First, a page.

The Osprey was a minor character in a minor issue of Fantastic Four by the Lee and Kirby imitators at Marvel in the early 70's. The FF's arch-enemies had long since banded together as the Frightful Four. In this issue, they had taken over the FF's headquarters and was holding the foursome prisoner despite (or because of?) the villains numbering only three. To protect their branding, the Wizard, the Sandman and the Trapster advertised in the Daily Bugle for a fourth member.
Most of them were cameos to set up for future issues (the Impossible Man) or for reasons of continuity. [I still remember the Texas Twister departing with an editorial note where he would next appear]. Then there was the Osprey.
He had a costume with wings on it, but he couldn't fly, not really. Not at all actually. In fact, if one of the FF (the bad ones) could do something about that, he'd really appreciate it. The Wizard slapped an anti-gravity disc on him and the last we saw of the Osprey, he was sailing out into the wild blue yonder screaming 'heeeeeeeellllpppppp!' Even Wikipedia doesn't have a page on him. They've got one on the Texas Twister!
But the Osprey had his two or three minutes on stage. He gave it a shot.
Last night my Dad and I went to see the Grand Ole Opry. Neither of us are country music fans - I'm certainly not anyway - but he had come to visit and we needed a tourist trap in Nashville. He got tickets for a night nobody I'd heard of was playing (although Vince Gill turned out to be the final host for the night, so I must have missed his name earlier).
I have to say there was something intrinsically Southern about the experience. It seemed like a normal public gathering in a high school auditorium in seats that resembled church pews. Most ages were represented, although I didn't see too many kids who wouldn't have preferred a baby-sitter and video games. Just little ones, and a few on stage.
Notable Virginians aside, the South did not produce the people who founded our nation, they were the people who first moved on, and applied to their new land what the founding Americans had created. Tennessee was one of the first new states to join the US and Nashville as a long history (I assume).
The Opry says it made country music popular, and there's probably a good case for that. They certainly gave it a national forum in 1925 when the weekly radio broadcast went national. Sponsors changed, locations changed, they added a television broadcast. One week Elvis Presley stood at the back of the room along with all the other hopefuls for his chance. They told him he had no future in country music and the following Monday he was back at work as a truck driver.
This was when the modern nationwide media truly came into its own. An illiterate southern redneck like Hank Wiliams could sell records across the country instead of the regional markets as he'd been doing. With the glitter of an Opry appearance, he and other touring musicians could bill themselves as Opry musicians and promote themselves as such. However the Opry had to protect its brand name and charged fees for its use. The musicians were also cut into for touring, simply because they couldn't afford to get too far from Nashville and miss a scheduled appearance. The records could travel, the NBC weekly show could travel, but those who stood in the circle couldn't get too far if they wanted to come back.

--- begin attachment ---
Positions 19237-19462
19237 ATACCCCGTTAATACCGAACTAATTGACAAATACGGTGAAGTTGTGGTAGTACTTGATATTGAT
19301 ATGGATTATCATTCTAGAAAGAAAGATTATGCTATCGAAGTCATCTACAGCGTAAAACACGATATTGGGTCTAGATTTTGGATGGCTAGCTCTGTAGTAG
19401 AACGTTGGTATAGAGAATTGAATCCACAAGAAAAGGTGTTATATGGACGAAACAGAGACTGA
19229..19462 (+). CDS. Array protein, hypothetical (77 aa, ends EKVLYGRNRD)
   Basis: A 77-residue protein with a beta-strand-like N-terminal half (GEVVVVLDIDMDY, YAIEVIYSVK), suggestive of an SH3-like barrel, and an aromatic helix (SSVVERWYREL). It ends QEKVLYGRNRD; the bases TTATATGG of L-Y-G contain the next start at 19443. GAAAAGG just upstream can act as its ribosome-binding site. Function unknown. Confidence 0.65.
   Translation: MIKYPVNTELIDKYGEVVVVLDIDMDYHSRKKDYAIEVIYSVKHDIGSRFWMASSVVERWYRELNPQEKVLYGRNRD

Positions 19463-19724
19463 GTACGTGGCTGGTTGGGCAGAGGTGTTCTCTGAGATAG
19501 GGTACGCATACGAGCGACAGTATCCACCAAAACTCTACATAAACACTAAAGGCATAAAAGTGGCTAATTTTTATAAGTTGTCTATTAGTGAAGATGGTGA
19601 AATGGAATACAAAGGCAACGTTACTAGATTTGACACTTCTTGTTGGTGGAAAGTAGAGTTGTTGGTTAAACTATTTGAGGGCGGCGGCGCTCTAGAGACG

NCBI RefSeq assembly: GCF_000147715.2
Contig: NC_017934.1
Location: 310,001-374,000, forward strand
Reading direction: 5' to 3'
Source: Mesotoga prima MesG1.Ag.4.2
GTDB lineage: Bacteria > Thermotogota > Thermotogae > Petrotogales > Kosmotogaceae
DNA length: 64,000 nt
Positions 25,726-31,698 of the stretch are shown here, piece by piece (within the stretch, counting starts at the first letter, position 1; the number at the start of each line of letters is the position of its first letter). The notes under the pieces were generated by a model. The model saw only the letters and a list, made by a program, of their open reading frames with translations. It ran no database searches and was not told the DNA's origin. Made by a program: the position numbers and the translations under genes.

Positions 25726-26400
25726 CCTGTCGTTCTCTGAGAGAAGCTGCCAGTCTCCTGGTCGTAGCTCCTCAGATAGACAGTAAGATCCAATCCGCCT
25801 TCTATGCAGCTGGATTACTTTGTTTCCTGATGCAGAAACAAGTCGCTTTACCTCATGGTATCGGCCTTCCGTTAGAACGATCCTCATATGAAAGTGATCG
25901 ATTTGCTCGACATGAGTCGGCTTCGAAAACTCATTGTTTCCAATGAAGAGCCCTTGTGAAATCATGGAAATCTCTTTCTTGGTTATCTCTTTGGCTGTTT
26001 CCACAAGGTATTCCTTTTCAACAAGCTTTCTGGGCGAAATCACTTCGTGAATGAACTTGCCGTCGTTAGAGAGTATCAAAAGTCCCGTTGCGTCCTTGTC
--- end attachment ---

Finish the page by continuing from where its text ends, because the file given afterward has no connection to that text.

Again, this is why the experience seemed so intrisically Southern. The opening act was the most... I don't even know how to describe her. I have no idea how one gets the job of warming up the crowd, much less how the Opry makes the selection. Her act was very calculated to look utterly simple and foolish. Heavy drawling, regular references to likin' the fellers, a sales tag hanging from her hat, an appearance and delivery that was so plain, just so... Almost literally a form of entertainment that could not exist above the Mason-Dixon line (wherever that is), this was delighfully off-putting, like something you know you should turn your nose up at in disdain, but there's something so charming about it.
Some of the performances were quite nice. Standing in the wings, you could see where all the other people on the show that night were milling about. A few other people were present, people who were probably the producer, the director, the sponsor, a girl moving sheet music around. The house singers stayed behind baffles except for their featured spot of the night. The house band was swapped out once for one woman's set. One of the better performers was making his debut appearance and promoting his new single available at Old Country Stores, another regional market that people who aren't from the South would scratch their heads about, but Southerners probably know as a regular part of life. [Or at least it seems that way, who knows how *those people* actually live?]
A group of kids were another act, their main attraction being the smallest and cutest one on the banjo. Quite impressive for what they were, a group of brothers who are doing now what their peers will do in high school, form a band that sounds pretty good. But it's where popular entertainment meets grade school talent show, predating "American Idol" by several generations.
And it still works, those kids will always know they got to stand on that stage with Little Jimmy Dickens, 90 years old with jokes even older. "I take my wife everywhere. She keeps finding her way back" was funny because it was so lame. "I ask my wife if she's cheating on me, she says who else is she going to cheat on" was funnier. His performance included a song from his latest album, released thirty years ago.